The rite of admission in the chapel came after a year of discernment and spiritual formation. Ten longtime volunteers who assisted the Sisters with transportation and fundraising were invited to become lay associates. Seven completed the process, and three remain in formation.

Archbishop Joseph F. Naumann presents the insignia of the Lay Sons and Daughters of St. Maria Soledad. LEAVEN PHOTO BY DOUG HESSE

The laypeople made their promises after a Mass celebrating the 50th anniversary of the canonization of the order’s foundress, St. Maria Soledad.

The first group of lay associates in the history of the order was formed in Argentina in 1997. Other groups were founded in several countries in the following years.

The first group in the Sisters’ Province of the United States (which includes Mexico and Canada) was formed in Puebla, Mexico, in 2006. The Kansas City, Kansas, group is the first group in the United States.

The lay associates were invited from among the guild volunteers who help the Sisters, said Sister Bernadette Proctor, who directed their formation.

“It’s a vocation, it’s a call,” she added.  “You know when it’s the right time.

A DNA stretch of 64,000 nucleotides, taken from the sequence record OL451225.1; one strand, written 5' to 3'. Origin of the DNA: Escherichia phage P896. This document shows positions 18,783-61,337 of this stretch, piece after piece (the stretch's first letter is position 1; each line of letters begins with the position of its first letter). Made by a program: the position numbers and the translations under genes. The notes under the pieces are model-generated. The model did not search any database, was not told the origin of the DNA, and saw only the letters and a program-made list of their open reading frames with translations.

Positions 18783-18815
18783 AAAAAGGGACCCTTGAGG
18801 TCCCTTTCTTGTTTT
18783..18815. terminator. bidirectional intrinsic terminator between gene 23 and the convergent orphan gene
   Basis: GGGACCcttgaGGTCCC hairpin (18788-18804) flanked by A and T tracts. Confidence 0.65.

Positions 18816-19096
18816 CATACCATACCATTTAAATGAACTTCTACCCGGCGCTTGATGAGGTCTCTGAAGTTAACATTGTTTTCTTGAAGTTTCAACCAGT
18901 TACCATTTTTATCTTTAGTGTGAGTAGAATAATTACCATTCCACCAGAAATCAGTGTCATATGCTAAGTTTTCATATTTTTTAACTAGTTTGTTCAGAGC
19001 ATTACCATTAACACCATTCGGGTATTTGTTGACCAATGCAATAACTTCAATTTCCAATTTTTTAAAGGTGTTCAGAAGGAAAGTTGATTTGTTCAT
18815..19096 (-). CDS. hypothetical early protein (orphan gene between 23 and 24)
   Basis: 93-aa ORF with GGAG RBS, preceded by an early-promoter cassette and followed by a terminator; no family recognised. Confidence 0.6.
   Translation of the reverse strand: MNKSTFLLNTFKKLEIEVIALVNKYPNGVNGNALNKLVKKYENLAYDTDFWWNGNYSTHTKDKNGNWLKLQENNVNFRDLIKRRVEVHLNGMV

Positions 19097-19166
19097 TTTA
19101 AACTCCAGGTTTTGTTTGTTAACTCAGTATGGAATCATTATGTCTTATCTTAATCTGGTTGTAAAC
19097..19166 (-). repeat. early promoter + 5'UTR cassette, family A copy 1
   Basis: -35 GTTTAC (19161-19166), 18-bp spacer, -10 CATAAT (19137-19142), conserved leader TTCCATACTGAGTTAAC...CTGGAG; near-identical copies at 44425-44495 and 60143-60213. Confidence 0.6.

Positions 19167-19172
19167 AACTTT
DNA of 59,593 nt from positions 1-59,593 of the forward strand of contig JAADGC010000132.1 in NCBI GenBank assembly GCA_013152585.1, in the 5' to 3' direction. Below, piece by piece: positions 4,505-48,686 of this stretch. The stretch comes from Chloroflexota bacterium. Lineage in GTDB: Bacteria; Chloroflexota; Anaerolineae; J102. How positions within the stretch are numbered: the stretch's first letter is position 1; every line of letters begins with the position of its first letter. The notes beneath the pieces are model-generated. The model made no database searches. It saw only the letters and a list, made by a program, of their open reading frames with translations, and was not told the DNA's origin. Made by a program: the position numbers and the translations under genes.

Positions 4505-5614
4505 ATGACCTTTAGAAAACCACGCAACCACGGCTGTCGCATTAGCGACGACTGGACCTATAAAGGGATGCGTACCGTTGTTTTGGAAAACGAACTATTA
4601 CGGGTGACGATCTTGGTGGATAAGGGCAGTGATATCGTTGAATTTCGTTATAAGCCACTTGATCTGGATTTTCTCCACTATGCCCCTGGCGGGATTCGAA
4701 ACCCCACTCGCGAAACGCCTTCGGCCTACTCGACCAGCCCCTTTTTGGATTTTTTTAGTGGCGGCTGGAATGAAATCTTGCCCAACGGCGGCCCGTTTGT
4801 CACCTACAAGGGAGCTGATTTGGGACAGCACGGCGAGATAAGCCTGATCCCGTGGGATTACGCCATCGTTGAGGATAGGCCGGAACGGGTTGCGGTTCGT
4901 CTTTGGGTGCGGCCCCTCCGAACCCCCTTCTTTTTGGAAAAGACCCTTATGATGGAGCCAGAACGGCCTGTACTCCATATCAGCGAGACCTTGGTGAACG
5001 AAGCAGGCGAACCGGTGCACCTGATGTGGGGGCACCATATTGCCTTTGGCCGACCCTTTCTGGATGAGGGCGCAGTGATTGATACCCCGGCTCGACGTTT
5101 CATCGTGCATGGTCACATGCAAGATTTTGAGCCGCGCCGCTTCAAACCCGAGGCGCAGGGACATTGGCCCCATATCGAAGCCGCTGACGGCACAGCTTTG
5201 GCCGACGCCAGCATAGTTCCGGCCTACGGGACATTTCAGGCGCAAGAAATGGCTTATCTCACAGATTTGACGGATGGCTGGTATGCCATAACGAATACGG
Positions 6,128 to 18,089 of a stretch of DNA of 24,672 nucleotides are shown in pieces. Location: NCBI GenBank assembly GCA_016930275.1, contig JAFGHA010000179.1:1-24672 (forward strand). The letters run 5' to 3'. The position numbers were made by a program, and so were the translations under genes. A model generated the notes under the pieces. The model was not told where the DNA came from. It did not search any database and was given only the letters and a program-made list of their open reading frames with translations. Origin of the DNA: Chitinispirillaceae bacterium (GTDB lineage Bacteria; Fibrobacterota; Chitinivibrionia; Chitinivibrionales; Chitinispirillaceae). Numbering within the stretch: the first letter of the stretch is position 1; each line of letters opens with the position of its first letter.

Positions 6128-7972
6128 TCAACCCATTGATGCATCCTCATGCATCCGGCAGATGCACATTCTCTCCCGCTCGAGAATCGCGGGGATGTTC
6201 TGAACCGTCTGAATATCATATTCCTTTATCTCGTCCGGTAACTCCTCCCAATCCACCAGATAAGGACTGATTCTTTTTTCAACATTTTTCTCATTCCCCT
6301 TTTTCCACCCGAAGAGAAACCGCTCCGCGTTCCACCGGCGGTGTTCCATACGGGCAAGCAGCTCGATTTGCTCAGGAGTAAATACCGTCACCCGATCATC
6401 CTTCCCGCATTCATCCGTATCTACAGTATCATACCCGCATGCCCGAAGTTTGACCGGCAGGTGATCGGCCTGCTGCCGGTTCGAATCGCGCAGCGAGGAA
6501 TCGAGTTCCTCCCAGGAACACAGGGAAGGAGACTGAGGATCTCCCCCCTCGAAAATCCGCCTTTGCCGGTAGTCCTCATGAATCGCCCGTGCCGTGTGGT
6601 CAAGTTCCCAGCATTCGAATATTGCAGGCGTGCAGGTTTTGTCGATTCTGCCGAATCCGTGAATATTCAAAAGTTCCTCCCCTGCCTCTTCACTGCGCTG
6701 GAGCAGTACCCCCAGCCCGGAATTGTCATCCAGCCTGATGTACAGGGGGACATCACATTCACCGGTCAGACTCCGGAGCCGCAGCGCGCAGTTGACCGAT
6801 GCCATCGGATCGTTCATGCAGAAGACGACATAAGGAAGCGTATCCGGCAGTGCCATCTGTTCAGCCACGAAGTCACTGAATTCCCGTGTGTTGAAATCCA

“The lay people . . . are called to give themselves more. They commit themselves more to fulfill their baptismal promises to be a Christian, work in the world and to strive for holiness.”

Seven Catholics made promises to become members of the Lay Fraternity of the Sons and Daughters of St. Maria Soledad. They are the first lay associates in the history of the Sisters within the United States. LEAVEN PHOTO BY DOUG HESSE

Michelle Hersh, a member of St. John Paul II Parish in Olathe, was introduced to the Sisters while her daughter was involved with the St. Lawrence Catholic Campus Center at the University of Kansas.

“Because of this love for [the Sisters] that has developed over the years, I have been to every one of their convents in the United States — three in California, one in New York and one in New Orleans,” said Hersh. “I’ve been to the convent in Rome, in Cuba . . . [and two] in Spain.”

She became a volunteer 10 years ago, but, five years ago, felt a call to become a lay associate.